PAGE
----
EX PARTE CROWLEY.
Petitioner was indicted by the Grand Jury of Humboldt County. The record does not indicate the crime, but we assume it was murder. Thereafter, on motion of petitioner, the indictment was set aside, but the court, under the provisions of sections 997 and 998 of the Penal Code, held him to answer for the crime of manslaughter. He now seeks release through habeas corpus, upon the ground that the evidence is insufficient, and that the facts show justifiable homicide.
We have had little or no assistance from The People. Neither they nor petitioner were represented when the cause was called for argument. In their “points and authorities” they merely refer to the transcript, which contains several hundred pages of testimony. However, we have satisfied ourselves that the evidence was sufficient to establish the existence of reasonable and probable cause for the commitment upon the charge of manslaughter. In 7 Cal.Jur., pages 982–983, it is stated:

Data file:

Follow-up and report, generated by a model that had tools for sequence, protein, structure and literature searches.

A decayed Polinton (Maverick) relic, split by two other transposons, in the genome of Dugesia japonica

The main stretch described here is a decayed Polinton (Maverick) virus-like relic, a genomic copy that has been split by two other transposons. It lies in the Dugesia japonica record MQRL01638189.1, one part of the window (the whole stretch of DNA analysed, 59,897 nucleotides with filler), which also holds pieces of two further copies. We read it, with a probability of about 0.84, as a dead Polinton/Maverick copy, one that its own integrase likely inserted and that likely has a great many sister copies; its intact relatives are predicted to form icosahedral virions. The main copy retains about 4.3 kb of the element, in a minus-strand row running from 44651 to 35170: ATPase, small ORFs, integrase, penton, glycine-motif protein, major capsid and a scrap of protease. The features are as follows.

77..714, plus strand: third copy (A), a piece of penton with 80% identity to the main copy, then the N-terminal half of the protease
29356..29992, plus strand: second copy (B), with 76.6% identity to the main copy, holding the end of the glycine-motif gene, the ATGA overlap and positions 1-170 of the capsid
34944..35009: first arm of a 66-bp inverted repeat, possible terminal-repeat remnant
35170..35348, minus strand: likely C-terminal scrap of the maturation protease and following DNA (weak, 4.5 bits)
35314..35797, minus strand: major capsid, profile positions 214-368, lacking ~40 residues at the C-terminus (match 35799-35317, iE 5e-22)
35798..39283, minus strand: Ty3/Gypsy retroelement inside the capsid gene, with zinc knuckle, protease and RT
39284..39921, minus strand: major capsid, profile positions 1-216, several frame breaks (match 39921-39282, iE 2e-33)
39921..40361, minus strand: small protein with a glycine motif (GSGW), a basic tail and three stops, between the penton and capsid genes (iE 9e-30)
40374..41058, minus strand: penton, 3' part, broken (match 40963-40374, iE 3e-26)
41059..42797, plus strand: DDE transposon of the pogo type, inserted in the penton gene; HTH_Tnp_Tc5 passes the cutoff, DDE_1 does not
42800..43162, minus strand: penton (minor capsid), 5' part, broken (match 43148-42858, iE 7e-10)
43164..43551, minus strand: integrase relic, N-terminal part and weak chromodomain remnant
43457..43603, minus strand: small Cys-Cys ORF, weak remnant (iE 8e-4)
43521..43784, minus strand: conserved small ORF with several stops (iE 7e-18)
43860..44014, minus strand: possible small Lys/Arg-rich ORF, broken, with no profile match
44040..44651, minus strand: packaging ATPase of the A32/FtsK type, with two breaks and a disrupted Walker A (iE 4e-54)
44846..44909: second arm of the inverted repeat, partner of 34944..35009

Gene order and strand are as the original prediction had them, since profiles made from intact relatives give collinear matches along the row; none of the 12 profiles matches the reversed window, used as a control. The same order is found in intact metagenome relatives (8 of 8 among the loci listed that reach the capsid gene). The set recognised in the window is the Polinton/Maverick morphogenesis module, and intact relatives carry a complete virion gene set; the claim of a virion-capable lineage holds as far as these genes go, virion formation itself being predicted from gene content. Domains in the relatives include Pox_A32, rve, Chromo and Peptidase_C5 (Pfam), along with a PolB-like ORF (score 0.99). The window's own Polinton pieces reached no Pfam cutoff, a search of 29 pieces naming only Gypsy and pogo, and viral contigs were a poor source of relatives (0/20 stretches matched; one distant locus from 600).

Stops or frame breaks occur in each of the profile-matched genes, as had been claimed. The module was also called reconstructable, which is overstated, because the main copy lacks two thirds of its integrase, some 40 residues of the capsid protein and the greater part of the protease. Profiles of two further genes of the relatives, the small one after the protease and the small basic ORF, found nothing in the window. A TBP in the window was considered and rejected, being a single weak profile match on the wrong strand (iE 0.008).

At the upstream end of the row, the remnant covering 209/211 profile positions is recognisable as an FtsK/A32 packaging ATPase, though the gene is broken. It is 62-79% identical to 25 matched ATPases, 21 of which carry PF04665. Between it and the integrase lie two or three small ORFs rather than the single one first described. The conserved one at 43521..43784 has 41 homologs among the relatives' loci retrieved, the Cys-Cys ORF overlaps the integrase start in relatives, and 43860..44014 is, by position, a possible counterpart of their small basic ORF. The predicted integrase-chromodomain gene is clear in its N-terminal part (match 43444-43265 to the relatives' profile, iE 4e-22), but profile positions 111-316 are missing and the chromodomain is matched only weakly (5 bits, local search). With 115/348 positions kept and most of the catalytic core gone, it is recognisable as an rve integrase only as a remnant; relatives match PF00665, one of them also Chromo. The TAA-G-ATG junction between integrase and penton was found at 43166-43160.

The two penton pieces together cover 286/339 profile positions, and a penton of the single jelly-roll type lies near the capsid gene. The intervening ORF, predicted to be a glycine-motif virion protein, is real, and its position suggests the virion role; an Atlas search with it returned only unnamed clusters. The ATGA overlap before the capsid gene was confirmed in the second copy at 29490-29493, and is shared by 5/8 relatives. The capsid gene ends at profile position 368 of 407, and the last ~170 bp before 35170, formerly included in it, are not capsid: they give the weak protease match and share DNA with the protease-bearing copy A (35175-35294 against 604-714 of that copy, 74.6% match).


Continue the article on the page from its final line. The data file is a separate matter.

“The term ‘probable’ has been defined to mean ‘having more evidence for than against; supported by evidence which inclines the mind to believe, yet leaves room for doubt.’ And the term ‘reasonable or probable cause’ has been defined to mean such a state of facts as would lead a man of ordinary caution and prudence to believe and conscientiously entertain a strong suspicion that the person accused is guilty. In other words, to authorize a committing magistrate to hold a defendant to answer, the facts which are stated before him must induce a reasonable probability that all the acts have been done which constitute the offense charged, that the crime charged was committed by the accused, and is triable in the county where the prosecution is pending, and also that the crime has not become barred by the statute of limitations.
“The committing magistrate is not bound by the rule of reasonable doubt, and may hold a defendant to answer though the evidence before him would not support a verdict of guilty.”
The writ is discharged.
THOMPSON, Acting P. J., concurred.